GEVGELIJA (Macedonia) • Hundreds of migrants have crossed unhindered from Greece into Macedonia after overwhelmed security forces appeared to abandon a bid to stem their flow through the Balkans to Western Europe following days of chaos and confrontation.
Riot police remained, but did little to slow the passage of a steady stream of migrants yesterday, many of them refugees from the Syrian war and other conflicts in the Middle East.
Macedonia had declared a state of emergency last Thursday and sealed its southern frontier to migrants pouring in at a rate of 2,000 a day en route to Serbia, then Hungary and the European Union's borderless Schengen zone.
That led to desperate scenes at the border, as men, women and children slept under open skies with little access to food or water.
Saying they would ration access, riot police used tear gas and stun grenades to drive back crowds, but were overwhelmed last Saturday by several thousand who tore through police lines or ran through nearby empty fields.
LONG ROAD TO A BETTER LIFE
I passed one step but it is a long road to my destination.
MR MOHANNAD ALBAYATI, 35, from Damascus, travelling with his wife, two children and three brothers
The state eventually laid on extra trains, and buses arrived from across the country to take the migrants swiftly north to Serbia and the next step of a long journey from the Middle East, Africa and Asia.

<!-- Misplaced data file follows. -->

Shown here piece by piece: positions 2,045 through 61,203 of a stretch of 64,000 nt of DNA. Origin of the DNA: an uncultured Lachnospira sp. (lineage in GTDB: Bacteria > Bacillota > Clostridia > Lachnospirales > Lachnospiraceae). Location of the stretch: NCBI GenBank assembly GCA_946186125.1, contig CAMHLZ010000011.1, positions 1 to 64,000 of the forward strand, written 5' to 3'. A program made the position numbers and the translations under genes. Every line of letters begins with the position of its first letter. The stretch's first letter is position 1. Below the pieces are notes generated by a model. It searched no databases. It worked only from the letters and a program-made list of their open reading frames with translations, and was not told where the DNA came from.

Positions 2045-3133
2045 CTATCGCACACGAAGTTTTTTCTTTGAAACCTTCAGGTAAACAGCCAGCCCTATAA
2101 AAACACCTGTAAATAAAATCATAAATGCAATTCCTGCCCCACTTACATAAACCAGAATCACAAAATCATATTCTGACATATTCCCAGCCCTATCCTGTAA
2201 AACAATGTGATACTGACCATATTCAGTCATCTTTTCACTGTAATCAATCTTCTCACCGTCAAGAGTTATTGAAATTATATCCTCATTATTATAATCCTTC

"I watched the news on TV and I was astonished," said Mr Abdullah Bilal, 41, from the devastated Syrian city of Aleppo. "I thought I would face the same when I arrived here. But it was very peaceful. The Macedonian police told us, 'Welcome to Macedonia; trains and buses are waiting for you'."
Mr Mohannad Albayati, 35, from Damascus, travelling with his wife, two children and three brothers, said: "I passed one step but it is a long road to my destination. With Allah's help, I will go to Germany."
The backlog created in Macedonia, which faces criticism from aid agencies for not expanding capacity to receive and process the migrants, reached Serbia overnight, straining the country's own ad hoc reception centres.
"Last night after midnight, the first group of 200 people crossed the border," said a Serbian government official who declined to be named. "So far, we have more than 5,000 new arrivals. This is the biggest number in one day so far. They are waiting in long lines as we process them."
Macedonia has accused neighbouring Greece, with which it has a tense relationship, of aiding the migrants' journey north at a pace the Balkan country says it cannot cope with.
Greece has begun chartering boats to take migrants from inundated Greek islands to the mainland, after a record 50,000 hit Greek shores by boat from Turkey last month alone.
The migrants are headed to countries like Germany, the Netherlands, Austria and Sweden where they can apply for asylum.
Macedonia's Minister of Foreign Affairs, Mr Nikola Poposki, last Saturday reiterated appeals aimed at the European Commission, asking for greater assistance and a more organised Europe-wide approach to dealing with the enormous influx of migrants.
"The support that we currently receive is symbolic, and most of the burden is on the Macedonian institutions," Mr Poposki said. "But we will do our best for the migrants that arrive to be registered and to be treated as humanely as possible."
A transit and reception centre is being built on the outskirts of the border town of Gevgelija to speed up the processing of migrants and provide better support to them, said Mr Ivan Frangov, the mayor of Gevgelija.
"It will ease up the whole situation not only for the migrants but for the local citizens as well."
REUTERS, NEW YORK TIMES